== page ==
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Hoffmann, R. A wiki for the life sciences where authorship matters. Nature Genetics (2008)

Early diagnosis of tuberculous meningitis by polymerase chain reaction.

BACKGROUND: Rapid detection of Mycobacterium tuberculosis is of vital importance for patients with tuberculous meningitis. We evaluated an improved polymerase chain reaction (PCR) technique for rapid and specific identification of M tuberculosis in CSF. METHODS: The technique was used on CSF samples from 42 patients (3 of whom were human immunodeficiency virus seropositive) with clinical symptoms, signs and laboratory findings suggestive of tuberculous meningitis. The target for amplification was a nucleotide sequence located within IS6110. A small amount of DNA from M smegmatis strain 1008, containing a modified IS6110, was added in the PCR as a control for inhibitors and to quantitate the PCR for M tuberculosis. RESULTS: On the basis of symptoms and clinical findings, antituberculous treatment was started in 35 patients, but was later stopped in 11 because of lack of response. From 12 patients responding to treatment and with a positive diagnostic test, 11 cases were detected by PCR, nine cases were culture positive, and two cases microscopy positive. Of the remaining 12 patients who had negative CSF by microscopy, PCR, and culture, 11 were diagnosed as having tuberculous meningitis on the basis of the response to treatment (three had active pulmonary tuberculosis) and one had mycobacteria other than M tuberculosis in sputum and urine. The sensitivity of the PCR was 48% in those with a final diagnosis of tuberculous meningitis (culture or PCR confirmed cases, plus those with clinical evidence and who responded to antituberculous treatment), which is much higher than the 9% sensitivity of microscopy. There were no false-positive PCR results. CONCLUSIONS: PCR on CSF is a rapid method for the accurate diagnosis of tuberculous meningitis.[1]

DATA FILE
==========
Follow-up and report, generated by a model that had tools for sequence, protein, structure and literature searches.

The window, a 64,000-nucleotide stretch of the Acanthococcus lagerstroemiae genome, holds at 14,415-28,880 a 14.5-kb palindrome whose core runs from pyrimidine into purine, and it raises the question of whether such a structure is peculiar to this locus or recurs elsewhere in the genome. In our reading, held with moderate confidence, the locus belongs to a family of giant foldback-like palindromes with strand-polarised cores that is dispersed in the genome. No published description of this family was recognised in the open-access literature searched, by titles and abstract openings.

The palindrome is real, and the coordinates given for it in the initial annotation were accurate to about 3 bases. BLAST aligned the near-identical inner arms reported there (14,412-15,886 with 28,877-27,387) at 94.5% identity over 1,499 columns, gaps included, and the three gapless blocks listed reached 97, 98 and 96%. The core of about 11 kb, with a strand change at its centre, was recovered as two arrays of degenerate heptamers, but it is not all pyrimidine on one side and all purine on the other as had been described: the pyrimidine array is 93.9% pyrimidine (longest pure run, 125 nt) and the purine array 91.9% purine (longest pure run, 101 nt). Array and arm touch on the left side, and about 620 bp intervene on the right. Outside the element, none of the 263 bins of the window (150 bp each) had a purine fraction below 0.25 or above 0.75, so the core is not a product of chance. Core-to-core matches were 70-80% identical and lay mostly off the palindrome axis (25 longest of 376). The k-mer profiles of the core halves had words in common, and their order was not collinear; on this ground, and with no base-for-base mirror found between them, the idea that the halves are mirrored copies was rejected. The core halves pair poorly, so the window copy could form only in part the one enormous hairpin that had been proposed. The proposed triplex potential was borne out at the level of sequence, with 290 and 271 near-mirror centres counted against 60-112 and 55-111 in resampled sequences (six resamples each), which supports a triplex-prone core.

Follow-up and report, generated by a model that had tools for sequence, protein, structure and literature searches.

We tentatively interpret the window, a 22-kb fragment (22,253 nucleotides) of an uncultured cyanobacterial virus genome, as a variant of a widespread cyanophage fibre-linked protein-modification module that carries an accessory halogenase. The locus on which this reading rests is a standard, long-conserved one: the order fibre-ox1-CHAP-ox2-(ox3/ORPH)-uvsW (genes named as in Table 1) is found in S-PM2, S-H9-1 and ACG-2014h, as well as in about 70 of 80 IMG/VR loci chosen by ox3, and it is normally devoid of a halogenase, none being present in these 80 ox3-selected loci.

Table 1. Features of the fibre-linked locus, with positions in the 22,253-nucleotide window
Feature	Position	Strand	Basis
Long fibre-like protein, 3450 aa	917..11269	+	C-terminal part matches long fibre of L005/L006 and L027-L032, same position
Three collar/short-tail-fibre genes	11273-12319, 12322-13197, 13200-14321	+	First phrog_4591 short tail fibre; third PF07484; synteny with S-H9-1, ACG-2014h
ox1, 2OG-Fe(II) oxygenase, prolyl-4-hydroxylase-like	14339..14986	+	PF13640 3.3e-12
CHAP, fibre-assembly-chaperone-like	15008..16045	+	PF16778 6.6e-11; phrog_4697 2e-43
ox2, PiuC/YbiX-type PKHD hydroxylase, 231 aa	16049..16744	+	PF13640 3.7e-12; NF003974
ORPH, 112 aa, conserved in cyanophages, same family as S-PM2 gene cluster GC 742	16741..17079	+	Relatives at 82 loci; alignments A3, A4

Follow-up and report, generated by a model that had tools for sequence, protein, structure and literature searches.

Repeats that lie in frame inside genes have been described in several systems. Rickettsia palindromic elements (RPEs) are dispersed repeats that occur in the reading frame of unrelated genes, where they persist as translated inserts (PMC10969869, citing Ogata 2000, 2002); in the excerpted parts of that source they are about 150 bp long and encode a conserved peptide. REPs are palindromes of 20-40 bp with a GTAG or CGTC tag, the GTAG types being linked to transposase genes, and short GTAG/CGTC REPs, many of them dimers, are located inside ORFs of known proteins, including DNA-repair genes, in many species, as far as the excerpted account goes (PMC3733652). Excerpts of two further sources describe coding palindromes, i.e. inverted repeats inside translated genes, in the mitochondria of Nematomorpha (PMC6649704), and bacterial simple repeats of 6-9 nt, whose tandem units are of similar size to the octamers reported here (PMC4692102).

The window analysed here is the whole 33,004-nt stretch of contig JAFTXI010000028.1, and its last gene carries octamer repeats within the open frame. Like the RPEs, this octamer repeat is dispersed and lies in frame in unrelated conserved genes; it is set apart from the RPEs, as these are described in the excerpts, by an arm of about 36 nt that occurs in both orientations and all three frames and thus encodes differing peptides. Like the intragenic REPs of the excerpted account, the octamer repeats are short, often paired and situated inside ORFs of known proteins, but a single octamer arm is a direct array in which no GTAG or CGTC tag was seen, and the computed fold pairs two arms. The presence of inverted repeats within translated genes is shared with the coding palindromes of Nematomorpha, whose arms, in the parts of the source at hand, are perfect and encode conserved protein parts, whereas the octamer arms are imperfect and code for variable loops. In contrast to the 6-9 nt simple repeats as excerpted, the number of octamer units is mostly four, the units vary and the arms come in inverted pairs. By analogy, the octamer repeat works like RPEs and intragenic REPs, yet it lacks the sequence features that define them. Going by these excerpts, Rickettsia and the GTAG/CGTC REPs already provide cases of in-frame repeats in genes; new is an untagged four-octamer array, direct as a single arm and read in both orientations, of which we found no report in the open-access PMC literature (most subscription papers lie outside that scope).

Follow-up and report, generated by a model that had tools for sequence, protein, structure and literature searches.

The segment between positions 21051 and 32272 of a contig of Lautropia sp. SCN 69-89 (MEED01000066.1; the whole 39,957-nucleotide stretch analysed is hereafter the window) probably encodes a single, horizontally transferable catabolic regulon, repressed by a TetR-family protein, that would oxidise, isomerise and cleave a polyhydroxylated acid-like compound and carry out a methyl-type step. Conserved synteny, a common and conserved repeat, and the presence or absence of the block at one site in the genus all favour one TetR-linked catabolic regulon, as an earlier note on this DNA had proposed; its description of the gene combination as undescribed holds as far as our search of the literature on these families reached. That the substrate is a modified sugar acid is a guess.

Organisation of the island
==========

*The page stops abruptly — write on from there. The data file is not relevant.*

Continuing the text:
1. Early diagnosis of tuberculous meningitis by polymerase chain reaction. Kox, L.F., Kuijper, S., Kolk, A.H. Neurology (1995) [Pubmed]
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